It’s an oddity Knoxville residents are coming to accept, though it would likely still be jarring to an out-of-town visitor who hadn’t been prepared: Hundreds of acres of inter-connected, forested trails for riding, running and walking located just minutes from the urban core of the city. The Baker Creek Preserve represents a one-hundred acre, 2013, donation by the Wood family. Easily accessible, it is quickly becoming a favorite spot for young biking enthusiasts, runners of all ages and advanced cyclists.
On a recent beautiful afternoon, Urban Woman and I took the opportunity to check it out. Located near the end of the James White Parkway, it is hoped that the entrance will eventually be there, though it is currently located at 3700 Lancaster Dr. Upon our arrival, we found local sculptor Kelly Brown of Bower Bird Sculpture, along with Wilson Browning lifting a structure designed for children. The site is connected to South Doyle Middle by a recently developed trail, providing easy access to the burgeoning park. It also borders several south Knoxville neighborhoods, at least one of which has developed their own connecting trail.
Carol Evans, Executive Director of Legacy Parks, which manages the Urban Wilderness, met us there and explained the park is not only the result of the generous donation from the Wood family, but of a number of grants allowing for the building of trails and other amenities. A $200,000 state grant to Legacy Parks for construction of recreational trails coincided with a $15,000 matching grant won by the Appalachian Mountain Bike Club. The most publicized and best known grant may be the grant from Bell Helmets who provided $100,000 for a Double Black Diamond trail – the highest rating given to a bike trail – to be developed on the property. The resulting .6 mile Devil’s Racetrack Downhill is a special trail attracting advanced riders from throughout the region.
The focal point for development at the moment is an area specifically for children. Earthadelic completed the landscape design and the Siddiqi Foundation provided the materials. The Professional Trailbuilder’s Association agreed to construct the trail connecting the park and the school. It’s a trail that also serves as a safe way for students to walk to school. REI also provided a grant to Legacy Parks and the Appalachian Mountain Bike Club. The result is a children’s pump track for starters – a place for children to practice trail riding.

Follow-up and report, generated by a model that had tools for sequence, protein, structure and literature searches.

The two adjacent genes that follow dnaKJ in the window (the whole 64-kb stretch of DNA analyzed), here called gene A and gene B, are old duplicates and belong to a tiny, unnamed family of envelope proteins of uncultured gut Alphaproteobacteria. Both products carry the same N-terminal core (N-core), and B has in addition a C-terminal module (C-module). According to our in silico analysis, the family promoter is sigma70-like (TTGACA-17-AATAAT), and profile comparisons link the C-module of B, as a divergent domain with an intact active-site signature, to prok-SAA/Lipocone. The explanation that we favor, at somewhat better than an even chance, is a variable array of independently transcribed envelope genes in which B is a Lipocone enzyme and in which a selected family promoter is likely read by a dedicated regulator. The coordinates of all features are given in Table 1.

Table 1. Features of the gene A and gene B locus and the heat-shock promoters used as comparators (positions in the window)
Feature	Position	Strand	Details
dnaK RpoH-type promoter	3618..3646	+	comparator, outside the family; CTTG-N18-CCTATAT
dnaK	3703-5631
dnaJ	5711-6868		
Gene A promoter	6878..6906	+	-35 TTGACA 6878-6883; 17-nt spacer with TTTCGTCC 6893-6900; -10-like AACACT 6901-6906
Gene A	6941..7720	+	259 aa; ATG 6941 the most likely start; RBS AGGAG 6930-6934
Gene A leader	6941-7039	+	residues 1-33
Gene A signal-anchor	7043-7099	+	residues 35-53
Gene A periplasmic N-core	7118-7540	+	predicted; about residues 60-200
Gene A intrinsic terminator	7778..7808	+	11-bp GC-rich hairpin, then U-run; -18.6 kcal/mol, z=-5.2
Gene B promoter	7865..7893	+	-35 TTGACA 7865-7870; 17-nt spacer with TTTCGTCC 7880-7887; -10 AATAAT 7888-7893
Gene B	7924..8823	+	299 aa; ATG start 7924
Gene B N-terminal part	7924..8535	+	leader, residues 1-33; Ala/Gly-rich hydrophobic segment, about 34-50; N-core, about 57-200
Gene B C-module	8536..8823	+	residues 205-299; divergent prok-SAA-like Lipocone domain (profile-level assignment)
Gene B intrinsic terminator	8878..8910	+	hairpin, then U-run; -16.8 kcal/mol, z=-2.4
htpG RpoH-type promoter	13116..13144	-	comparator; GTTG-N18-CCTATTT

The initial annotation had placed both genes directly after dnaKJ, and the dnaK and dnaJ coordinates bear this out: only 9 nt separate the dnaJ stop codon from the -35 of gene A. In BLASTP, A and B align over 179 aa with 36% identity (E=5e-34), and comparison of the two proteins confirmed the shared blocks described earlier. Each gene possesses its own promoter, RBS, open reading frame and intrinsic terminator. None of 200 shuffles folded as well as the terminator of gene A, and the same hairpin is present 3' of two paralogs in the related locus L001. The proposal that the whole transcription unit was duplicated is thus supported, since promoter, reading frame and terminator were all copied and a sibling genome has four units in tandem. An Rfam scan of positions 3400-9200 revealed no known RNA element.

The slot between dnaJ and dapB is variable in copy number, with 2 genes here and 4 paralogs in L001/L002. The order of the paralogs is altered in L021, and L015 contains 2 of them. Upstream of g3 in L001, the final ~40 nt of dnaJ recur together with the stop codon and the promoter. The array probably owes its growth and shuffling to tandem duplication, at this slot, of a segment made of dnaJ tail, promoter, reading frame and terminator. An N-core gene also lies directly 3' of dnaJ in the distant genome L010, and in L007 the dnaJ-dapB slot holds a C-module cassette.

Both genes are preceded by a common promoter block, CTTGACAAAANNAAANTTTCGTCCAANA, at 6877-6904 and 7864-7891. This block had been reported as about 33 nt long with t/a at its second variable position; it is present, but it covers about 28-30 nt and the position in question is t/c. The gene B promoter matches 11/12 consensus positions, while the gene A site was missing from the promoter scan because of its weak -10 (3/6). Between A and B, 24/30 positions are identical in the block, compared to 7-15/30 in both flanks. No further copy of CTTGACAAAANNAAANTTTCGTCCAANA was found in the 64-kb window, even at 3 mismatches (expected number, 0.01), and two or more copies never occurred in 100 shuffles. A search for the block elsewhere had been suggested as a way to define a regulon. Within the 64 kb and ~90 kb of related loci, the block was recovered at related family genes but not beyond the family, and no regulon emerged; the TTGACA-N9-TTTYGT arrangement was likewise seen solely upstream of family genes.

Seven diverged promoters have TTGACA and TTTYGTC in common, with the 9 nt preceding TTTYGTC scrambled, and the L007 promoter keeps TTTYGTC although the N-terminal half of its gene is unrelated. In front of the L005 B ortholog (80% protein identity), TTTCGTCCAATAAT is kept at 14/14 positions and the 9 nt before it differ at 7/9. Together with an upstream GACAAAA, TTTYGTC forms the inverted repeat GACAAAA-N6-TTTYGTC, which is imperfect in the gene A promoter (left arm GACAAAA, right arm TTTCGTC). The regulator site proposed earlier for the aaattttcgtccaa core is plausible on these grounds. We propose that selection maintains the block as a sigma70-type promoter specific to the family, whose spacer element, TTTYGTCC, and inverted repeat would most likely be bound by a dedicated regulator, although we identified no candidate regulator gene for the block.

The plot includes a 1.2 mile easy loop for walking or biking, but also includes “bike only” trails of progressing difficulty shooting off the main loop. Ms. Evans explained this is the first part of the urban wilderness to feature trails exclusively for bikes, given that on the site, “there are sufficient trails for everyone.” Eventually it will become more of a proper bike park as additional amenities are added. It is connected to the twelve-mile main loop, as well as the additional forty-two miles of spur trails via the Redbud Bridge.
The property, which was thoroughly logged in an earlier era, still includes some very old Sycamore trees, including the large one pictured here with Ms. Evans. You’ll find it along the Sycamore trail named for that tree. The dog friendly trails also include “Best Medicine” trail, so named for retired physician Kevin Zirkle who has devoted many hours to trail building. Pappy’s Way, named after a local moonshiner, takes hikers to some of the best views afforded from the property, with the windmills of Buffalo Mountain and the Smoky Mountains visible in the distance. Turn around and you might catch a glimpse of the Knoxville Skyline.
This special place will be highlighted by the Appalachian Mountain Bike Club when they host their Fall Festival, Saturday, November 5. You’ll find group rides and skills classes for all levels. Races, music, beer, silent auctions and lots of fun for the children, with a climbing wall and climbing nets, as well as that cool structure you saw being erected in the photos above. Lunch will be available from the Sweet and Savory Truck and dinner will be available from Sweet P’s BBQ.
Whether you make the fall festival, I’d encourage you to make it out to the park. A parking lot is available beside the old home of Sevier Heights Baptist Church and from there it’s an easy step onto the trail and you are off into a beautiful east Tennessee treasure. Practically in sight of the city. It’s pretty magical. Get out and explore, Knoxville.
Programming note: You’ll hear an interview with Carol Evans November 6 on WUTK, 90.3, at 10:00 AM on Knoxcentric: Powered by Inside of Knoxville. I also hope to have a representative of the Appalachian Mountain Bike Club.